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The last great example from the greatest generation

Lead Summary
By Jim Thompson
HCP columnist

The 20-somethings that fought or supported our troops in World War II have been lauded as the greatest generation. In my case, these were my parents. In yours, it may be your grandparents, great-grandparents or in some cases, your great-great-grandparents.

The last en masse example of their actions goes unremembered today at a time when we need to remember what they did and how effective it was.

The time was the fall of 1973. At that point, the greatest generation was somewhere between 49 and 65 years old. As I said, they had been through a lot and well stood the test of time.

In the federal government area, regulation by unelected bureaucrats was still largely in its infancy. Federal safety regulations for automobiles were less than 10 years old and largely seen as a good thing. OSHA and the EPA had not reached their fifth anniversary yet and had not grown the teeth they have since then. The FDA was trusted to protect us from bad drugs and bad food; it had not yet been politicized. In general, unlike today, I think a vast majority of the citizens would have said the government’s intent was keeping our interests at heart. I know I would have said that in those days.

So, what happened in the fall of 1973? The 1974 automobiles were introduced. The National Highway Traffic Safety Administration (NHTSA) had mandated an interlock system for front seat belts of all 1974 models. Simply put, if there was a driver or a driver and a passenger in the front seat of a 1974 automobile, this mandated interlock system required that these people put on their seat belts before the car would start.

It was a pretty clever system, given the state of computer chips in those days. You could not just buckle the seat belt behind you and get in and out as you pleased, starting the car as you had in the past. The sequence was that you had to get in the car, put on the seat belt and then start the car. All passengers in the front seat had to follow this exact procedure or the car would not start.

Seat belt usage at the time was very low. The oldest data I could find while researching this column was 1984, when seat belt usage was at 14% (it is over 90% now).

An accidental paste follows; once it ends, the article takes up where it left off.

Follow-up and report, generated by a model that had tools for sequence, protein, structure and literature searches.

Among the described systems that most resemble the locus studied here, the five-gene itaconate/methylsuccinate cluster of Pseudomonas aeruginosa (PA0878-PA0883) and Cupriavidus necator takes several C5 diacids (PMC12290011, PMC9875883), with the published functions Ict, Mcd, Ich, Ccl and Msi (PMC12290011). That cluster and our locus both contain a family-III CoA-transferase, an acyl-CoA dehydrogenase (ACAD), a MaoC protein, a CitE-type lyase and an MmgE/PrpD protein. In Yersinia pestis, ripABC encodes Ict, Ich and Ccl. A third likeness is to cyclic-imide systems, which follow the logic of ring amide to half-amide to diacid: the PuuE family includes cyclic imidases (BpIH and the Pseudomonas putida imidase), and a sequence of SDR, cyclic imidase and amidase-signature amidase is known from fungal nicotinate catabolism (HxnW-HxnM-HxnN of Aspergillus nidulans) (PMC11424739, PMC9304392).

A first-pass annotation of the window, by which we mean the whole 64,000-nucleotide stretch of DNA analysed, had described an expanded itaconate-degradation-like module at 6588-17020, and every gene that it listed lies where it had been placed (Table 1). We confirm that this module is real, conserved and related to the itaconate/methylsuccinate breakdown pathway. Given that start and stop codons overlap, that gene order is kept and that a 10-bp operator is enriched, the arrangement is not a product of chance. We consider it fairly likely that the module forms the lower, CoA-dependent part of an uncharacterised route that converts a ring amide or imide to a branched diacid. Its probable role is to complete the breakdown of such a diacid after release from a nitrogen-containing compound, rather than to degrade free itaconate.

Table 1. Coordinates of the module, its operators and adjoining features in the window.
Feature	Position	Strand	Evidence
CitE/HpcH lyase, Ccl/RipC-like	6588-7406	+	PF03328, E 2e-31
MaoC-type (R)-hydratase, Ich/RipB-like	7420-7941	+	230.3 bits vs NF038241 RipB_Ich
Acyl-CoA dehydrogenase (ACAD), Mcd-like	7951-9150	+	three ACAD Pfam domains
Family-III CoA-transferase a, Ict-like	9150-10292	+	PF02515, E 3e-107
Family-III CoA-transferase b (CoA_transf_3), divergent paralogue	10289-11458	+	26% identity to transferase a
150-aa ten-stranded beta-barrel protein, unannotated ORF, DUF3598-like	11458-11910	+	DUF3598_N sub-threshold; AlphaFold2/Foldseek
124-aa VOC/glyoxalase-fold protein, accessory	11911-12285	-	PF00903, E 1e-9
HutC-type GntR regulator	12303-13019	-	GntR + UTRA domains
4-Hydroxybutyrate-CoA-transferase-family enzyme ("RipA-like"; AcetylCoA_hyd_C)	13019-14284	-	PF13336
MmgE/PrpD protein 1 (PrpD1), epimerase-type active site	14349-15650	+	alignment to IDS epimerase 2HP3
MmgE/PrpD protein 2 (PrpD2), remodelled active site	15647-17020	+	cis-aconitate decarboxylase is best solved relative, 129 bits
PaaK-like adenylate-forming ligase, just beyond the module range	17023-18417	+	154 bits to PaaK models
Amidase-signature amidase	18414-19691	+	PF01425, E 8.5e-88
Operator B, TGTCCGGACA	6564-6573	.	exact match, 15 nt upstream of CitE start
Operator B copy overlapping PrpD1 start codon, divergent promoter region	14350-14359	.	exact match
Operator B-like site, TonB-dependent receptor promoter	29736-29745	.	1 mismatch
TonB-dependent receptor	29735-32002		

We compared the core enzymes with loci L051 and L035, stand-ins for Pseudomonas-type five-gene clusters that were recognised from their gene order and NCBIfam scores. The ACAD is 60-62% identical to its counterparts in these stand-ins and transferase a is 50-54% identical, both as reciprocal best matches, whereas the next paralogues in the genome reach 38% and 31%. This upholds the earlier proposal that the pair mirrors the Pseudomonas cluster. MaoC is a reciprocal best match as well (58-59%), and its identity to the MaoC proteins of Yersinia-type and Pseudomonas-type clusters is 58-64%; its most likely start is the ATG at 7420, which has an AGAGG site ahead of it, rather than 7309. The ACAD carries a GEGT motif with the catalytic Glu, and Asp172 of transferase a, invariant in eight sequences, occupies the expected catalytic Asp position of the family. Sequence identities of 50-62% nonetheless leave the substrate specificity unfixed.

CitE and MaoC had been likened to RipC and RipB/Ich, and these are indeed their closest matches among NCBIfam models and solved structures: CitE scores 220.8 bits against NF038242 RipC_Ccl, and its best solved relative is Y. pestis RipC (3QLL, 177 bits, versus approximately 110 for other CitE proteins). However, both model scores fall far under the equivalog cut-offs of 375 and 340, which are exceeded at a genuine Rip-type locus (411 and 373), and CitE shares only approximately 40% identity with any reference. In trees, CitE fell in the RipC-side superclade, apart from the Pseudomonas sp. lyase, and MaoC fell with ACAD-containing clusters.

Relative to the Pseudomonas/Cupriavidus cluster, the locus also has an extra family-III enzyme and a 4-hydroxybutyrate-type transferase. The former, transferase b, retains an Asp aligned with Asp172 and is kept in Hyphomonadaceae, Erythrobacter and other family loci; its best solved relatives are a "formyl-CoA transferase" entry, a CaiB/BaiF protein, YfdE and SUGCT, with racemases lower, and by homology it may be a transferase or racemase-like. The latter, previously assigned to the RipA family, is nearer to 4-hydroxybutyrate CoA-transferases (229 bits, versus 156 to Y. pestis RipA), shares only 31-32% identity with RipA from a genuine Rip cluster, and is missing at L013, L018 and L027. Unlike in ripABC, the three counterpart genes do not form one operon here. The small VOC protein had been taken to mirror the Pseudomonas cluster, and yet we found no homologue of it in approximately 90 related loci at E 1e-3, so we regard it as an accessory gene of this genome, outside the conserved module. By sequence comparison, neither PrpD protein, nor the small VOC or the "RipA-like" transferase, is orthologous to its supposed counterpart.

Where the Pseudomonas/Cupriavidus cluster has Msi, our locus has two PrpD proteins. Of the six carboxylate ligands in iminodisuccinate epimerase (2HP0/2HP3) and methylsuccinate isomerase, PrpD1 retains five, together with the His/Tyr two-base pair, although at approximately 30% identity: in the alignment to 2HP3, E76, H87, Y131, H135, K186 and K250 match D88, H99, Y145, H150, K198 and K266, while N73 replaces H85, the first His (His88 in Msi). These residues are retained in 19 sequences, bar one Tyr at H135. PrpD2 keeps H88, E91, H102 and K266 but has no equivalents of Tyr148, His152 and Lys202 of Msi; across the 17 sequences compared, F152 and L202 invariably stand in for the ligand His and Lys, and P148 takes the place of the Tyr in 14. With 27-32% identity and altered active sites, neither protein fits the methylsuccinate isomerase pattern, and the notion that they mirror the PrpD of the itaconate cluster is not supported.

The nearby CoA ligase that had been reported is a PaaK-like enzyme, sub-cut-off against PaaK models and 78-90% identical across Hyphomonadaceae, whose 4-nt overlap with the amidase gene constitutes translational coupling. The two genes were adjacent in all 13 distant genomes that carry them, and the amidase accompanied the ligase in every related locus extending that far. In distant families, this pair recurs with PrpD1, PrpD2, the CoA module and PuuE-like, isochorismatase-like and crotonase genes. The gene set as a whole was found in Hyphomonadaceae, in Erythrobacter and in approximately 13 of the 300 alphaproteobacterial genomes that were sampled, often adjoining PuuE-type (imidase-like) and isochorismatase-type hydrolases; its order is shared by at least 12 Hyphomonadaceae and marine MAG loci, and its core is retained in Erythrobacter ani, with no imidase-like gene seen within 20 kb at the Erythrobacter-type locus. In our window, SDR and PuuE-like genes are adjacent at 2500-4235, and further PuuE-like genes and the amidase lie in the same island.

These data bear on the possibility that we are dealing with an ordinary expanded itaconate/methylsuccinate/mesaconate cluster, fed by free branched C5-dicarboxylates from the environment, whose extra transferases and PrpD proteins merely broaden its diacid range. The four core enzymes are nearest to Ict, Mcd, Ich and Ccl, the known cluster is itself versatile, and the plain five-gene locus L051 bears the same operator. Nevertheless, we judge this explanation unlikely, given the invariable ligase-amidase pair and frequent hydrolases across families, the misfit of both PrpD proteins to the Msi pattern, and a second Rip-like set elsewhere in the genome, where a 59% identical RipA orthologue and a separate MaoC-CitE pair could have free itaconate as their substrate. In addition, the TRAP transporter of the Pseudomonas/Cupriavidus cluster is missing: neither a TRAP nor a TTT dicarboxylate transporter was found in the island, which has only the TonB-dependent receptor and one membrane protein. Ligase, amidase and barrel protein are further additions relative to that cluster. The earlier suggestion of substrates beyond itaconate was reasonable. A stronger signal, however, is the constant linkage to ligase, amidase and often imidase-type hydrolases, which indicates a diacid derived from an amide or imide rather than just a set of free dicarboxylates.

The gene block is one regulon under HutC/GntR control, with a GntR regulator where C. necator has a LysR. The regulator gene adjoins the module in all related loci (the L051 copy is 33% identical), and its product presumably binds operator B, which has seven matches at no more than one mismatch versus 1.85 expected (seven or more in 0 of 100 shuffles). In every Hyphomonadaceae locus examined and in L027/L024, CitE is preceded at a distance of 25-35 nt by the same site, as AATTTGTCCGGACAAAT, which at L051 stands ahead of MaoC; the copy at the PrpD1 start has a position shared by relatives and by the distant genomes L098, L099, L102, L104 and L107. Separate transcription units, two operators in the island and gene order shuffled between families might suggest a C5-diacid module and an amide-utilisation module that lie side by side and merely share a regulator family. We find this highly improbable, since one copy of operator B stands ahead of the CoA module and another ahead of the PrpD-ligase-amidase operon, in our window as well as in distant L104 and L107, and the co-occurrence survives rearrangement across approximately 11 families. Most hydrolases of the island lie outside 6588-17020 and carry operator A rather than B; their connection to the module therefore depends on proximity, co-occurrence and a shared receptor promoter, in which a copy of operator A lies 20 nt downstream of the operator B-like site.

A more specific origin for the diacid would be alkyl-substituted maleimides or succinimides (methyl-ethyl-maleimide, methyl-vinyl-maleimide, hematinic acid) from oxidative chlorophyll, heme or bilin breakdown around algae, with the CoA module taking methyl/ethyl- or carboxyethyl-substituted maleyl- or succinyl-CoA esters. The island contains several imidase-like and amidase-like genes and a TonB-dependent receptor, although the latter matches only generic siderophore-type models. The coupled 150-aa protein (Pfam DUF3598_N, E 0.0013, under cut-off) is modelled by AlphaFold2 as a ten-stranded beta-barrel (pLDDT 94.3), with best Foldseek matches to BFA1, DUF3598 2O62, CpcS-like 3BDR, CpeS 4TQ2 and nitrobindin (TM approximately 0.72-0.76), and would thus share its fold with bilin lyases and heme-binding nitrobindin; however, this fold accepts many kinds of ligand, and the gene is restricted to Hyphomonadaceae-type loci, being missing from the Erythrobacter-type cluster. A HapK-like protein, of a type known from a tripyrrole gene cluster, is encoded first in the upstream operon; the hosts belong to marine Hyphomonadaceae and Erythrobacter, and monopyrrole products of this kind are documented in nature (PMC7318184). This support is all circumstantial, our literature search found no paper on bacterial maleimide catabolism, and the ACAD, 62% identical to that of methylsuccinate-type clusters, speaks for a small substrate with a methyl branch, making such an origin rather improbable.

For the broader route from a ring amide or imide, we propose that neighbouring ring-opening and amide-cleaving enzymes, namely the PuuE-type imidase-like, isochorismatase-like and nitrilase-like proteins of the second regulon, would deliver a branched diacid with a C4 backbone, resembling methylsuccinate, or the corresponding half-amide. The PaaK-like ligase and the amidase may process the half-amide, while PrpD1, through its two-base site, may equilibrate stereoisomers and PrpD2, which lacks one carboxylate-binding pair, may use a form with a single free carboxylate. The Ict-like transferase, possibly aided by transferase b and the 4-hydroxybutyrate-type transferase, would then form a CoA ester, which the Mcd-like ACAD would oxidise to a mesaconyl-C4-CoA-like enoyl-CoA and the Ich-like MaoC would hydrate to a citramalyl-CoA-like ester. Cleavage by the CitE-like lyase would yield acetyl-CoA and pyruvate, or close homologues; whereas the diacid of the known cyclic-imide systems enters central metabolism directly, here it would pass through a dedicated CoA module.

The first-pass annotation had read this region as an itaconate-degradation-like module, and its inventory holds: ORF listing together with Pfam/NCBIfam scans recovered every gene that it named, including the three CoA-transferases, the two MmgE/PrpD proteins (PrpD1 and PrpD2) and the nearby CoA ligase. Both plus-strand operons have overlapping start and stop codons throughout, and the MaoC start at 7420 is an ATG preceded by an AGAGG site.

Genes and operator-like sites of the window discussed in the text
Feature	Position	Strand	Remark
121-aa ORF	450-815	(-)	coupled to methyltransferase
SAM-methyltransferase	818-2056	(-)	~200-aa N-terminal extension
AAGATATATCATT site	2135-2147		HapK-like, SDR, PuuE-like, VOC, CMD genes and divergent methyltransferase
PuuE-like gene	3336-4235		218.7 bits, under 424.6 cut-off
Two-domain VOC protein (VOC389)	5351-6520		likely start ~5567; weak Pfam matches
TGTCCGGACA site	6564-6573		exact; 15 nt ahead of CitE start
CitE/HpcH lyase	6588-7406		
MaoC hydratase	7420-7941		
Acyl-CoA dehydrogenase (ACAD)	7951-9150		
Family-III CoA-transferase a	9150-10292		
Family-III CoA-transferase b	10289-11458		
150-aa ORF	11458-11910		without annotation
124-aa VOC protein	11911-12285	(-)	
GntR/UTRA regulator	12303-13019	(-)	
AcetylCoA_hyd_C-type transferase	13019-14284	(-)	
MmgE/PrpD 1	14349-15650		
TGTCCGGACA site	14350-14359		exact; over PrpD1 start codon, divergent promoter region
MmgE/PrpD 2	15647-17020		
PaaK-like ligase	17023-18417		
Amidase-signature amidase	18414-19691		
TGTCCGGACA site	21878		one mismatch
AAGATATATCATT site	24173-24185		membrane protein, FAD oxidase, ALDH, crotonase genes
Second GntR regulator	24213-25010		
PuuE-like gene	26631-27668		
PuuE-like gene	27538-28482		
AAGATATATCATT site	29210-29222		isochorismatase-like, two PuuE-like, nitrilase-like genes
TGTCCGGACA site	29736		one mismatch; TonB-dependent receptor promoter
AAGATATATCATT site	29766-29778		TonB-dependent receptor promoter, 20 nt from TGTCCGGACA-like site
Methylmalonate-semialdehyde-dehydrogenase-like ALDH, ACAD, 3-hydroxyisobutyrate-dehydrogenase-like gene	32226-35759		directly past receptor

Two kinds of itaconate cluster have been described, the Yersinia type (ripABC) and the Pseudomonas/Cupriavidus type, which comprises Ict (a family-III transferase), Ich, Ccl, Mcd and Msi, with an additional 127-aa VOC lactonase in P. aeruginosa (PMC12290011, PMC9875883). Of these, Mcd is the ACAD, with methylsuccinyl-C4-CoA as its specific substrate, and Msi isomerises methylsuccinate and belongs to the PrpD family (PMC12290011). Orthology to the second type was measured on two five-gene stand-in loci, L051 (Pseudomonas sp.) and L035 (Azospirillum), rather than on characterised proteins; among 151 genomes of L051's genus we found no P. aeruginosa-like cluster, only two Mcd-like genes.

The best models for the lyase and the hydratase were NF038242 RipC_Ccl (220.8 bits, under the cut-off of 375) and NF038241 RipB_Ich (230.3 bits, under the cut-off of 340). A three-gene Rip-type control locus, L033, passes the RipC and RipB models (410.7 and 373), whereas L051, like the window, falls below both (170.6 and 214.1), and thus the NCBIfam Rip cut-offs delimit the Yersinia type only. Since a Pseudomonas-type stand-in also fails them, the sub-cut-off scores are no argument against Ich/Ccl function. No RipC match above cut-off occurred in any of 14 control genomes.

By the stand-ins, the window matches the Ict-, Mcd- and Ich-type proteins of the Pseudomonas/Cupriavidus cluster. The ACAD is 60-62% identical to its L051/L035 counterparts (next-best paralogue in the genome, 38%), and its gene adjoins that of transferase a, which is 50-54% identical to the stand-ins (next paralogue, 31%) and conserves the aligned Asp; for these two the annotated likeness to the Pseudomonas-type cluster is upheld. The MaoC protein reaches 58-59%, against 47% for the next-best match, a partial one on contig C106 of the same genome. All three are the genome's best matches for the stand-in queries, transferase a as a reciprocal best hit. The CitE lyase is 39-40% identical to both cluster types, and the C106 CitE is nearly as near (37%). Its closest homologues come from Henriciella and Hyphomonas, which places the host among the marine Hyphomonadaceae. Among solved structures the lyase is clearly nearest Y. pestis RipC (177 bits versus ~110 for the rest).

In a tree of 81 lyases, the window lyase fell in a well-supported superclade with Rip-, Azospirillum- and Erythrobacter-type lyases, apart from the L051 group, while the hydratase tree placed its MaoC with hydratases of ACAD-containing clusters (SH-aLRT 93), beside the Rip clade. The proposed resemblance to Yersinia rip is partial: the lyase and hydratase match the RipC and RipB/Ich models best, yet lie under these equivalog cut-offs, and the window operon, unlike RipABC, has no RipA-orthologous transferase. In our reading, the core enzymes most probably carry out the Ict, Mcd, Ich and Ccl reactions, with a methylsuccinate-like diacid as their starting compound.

How did this happen if, starting in 1974, the interlock system existed? There was such a hue and cry (particularly from the greatest generation) that the U.S. Congress revoked the NHTSA’s 1974 seat belt mandate by October 1974. In fact, it was not only nullified, dealers were given the permission to deactivate the system on any cars, primarily 1974 models, that had the hated interlock system.

Up through the 1970s, many people believed they had a better chance of surviving a crash by not wearing seat belts. This had already been disproven by the evidence of a number of crashes where the automobile was only slightly damaged, but the occupants had been thrown through the windshield.

Well then, you may ask, how did we arrive at the situation now where there is over 90% seat belt usage? States passed laws requiring seat belt usage, but there was a movement that was more effective than this. Schools started teaching our children about seat belt usage, and they came home and pestered us until we started using them. I know, as a parent this happened to me in the 1980s.

This glimpse from the past so reminds me of what we are seeing with the COVID-19 “vaccine” today (I am fully “vaccinated” – three shots). Just perhaps, our reaction should be the same as that of the greatest generation when they faced government overreach.

Jim Thompson, formerly of Marshall, is a graduate of Hillsboro High School and the University of Cincinnati. He resides in Duluth, Ga. and is a columnist for The Highland County Press. He may be reached at

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